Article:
Place in warm place, covered with a tea towel, make a fresh coffee, and sit down as you have nothing to but wait.  Bread dough is a living thing.  You’re going to wait now for the sugars to be consumed by the yeast and the resulting gases trapped by the gluten that you’ve stretched and strengthened with kneading to raise the dough.  

Punch it down, form it to make an even looking elongated ball, and place it in an oiled bread pan.  Let it rise again until doubled.  Put in a 350 F oven and bake for about 45 minutes.  


How long you let your bread sit to rise, the types of flour you use, and other ingredients you might feel the call for all work together to create flavour.     

For me, the best type of leavening is yeast.  I prefer the slightly nutty, alcoholic flavours yeast imparts compared to baking soda or baking powder that can have a metallic, bitter taste.  I have found that the longer and slower the rise, the leavening and fermenting dance between the yeasts and flours makes for a deeper, more sour taste.  

And then there are all the options of what you can add to make a distinct in its time and place.  Around Easter, when the hens are let out to scavenge and return to the coop to lay eggs with orange-hued yolks, I’ll make a paska loaf.  The deep coloured yolks bring a yellow tinge to the bread and the egg itself makes for a dense, chewy but soft slice.

In the fall, when root vegetables abound and we are readying to store them in pails of sand in the cold room, beet borscht makes its way to the supper table between mounds of vegetables greens and stacks of canning jars.  The leftover cup of rolled oats from the breakfast post are stirred into the water yeast mixture with a couple of tablespoons of molasses to make a darker bread that complements the earthy vegetables.

Winter and the cold room go hand in hand.   We are fortunate in our farming neighbours grow organic and seed wheat.  We can head off to a farm for a quick chat and a pail of wheat.  We can then grind the wheat for the principal flour and also to sprout or toast the wheat berries as a bread addition.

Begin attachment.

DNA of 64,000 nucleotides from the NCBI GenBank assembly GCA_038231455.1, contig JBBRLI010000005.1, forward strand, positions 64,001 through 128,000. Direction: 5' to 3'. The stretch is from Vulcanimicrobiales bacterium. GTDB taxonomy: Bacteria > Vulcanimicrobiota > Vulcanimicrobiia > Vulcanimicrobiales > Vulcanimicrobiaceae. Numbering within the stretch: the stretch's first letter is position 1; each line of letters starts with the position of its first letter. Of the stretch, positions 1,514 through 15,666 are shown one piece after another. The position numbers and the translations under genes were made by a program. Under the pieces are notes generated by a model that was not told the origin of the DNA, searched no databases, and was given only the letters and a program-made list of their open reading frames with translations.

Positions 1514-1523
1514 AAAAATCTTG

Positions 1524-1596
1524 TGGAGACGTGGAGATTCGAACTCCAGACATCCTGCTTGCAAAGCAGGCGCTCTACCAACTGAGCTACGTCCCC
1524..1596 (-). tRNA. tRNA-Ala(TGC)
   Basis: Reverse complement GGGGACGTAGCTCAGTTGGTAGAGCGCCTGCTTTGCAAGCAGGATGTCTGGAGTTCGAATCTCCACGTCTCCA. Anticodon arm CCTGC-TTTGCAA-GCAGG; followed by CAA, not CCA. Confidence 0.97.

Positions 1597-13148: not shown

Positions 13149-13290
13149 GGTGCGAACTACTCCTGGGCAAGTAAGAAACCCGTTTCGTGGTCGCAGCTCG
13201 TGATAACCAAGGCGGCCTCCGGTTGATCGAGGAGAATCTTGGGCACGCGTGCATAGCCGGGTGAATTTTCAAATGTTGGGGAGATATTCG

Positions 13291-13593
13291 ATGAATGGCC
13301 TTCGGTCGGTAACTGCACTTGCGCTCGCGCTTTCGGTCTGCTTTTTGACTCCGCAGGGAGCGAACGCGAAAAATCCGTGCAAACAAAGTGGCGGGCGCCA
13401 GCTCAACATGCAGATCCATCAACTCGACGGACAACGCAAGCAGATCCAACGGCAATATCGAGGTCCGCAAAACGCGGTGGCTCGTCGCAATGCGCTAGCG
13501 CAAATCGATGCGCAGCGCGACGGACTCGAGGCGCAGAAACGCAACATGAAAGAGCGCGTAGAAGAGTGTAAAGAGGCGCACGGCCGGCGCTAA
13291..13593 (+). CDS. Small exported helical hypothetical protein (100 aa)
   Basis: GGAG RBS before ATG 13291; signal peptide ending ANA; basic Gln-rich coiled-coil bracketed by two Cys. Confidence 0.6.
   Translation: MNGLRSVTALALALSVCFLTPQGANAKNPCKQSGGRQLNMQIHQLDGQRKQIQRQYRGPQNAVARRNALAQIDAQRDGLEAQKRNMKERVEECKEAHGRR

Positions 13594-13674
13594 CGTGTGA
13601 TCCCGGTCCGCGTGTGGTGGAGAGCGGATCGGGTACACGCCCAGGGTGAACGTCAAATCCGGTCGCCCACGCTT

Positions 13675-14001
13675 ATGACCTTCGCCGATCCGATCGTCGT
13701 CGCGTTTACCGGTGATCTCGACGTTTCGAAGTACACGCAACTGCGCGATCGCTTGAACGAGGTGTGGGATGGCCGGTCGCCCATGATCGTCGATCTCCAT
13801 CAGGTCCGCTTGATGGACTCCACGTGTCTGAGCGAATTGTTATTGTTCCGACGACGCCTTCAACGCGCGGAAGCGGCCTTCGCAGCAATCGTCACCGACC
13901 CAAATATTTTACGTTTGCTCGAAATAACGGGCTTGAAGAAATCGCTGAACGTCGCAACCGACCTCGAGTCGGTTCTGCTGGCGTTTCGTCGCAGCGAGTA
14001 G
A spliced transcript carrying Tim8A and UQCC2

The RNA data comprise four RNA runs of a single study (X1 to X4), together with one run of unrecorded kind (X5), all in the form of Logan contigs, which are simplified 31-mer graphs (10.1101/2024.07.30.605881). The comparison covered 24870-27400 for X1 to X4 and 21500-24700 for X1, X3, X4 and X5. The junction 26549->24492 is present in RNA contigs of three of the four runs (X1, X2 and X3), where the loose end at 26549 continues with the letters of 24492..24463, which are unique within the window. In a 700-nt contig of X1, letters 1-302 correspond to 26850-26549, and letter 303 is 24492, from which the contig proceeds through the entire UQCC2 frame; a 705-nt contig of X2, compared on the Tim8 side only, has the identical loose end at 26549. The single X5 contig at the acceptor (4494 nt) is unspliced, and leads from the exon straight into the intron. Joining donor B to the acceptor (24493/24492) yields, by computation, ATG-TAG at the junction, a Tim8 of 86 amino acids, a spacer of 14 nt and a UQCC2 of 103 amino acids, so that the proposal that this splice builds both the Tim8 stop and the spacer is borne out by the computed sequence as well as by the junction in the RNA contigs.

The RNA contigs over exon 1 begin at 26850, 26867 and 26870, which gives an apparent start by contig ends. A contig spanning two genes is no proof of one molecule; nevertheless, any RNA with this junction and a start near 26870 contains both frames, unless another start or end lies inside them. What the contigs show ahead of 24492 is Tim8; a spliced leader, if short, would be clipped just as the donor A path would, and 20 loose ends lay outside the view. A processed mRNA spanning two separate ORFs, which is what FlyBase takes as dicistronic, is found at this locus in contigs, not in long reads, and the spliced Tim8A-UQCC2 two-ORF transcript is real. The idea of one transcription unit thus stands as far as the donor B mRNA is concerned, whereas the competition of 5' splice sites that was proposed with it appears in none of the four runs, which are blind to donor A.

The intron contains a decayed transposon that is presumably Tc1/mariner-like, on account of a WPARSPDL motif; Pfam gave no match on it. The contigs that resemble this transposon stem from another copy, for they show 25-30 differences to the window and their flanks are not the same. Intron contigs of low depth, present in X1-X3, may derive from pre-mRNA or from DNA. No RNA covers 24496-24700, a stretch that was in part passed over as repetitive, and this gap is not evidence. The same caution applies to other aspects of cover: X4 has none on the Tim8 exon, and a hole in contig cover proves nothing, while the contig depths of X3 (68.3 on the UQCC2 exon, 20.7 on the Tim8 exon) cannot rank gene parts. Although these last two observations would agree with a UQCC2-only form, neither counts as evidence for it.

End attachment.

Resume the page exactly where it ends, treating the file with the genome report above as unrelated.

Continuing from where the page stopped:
French toast, dipping bread, bread salad with tomatoes, garlic and olive oil.  The flavour of the bread can largely determine the purpose of the bread.  There are breads more flexible than others, without stridently flavoured ingredients.  These breads are usually white breads or less than half wholewheat.  I tend to forego things like molasses or herb flavourings.  Eggs, milk and fats are still welcome additions.

If I’m thinking I might want to make cinnamon or apple buns of school lunches, I’ll add an egg or two to the dough and replace a portion of the water with milk and melted butter.    

Sometimes leftover chicken needs to be made into a stew.  That day I’ll try to bring together a crusty bread, one that doesn’t require kneading and is a fast bake in a hot oven.  These are the types of bread with thicker crusts and they tend to sing and crackle as they cool on wire racks.  These are my favourites.

Or a quick supper before a mad dash to hockey practice will call for a dough with a scattering of olive oil and a little more salt.  I press it flat, sprinkle veg and cheese on it and bake it in a hot oven for 15 minutes.  

I’ll be honest.  I’m still learning and have come to realize there will always be learning there, waiting for me if I’d like it.  One other thing I’ve come to realize is that bread making is a forgiving art for beginners.  Flour and water are cheap.  A flattened bread that refused to rise, or a dry bread can still be used as croutons or crisps for soups and salads.  Toasting any bread, slathered with butter and jam, promises improvements on even the sketchiest of loaves.  

Best to not be intimidated, better to get out a big bowl, tie up your apron and work some magic.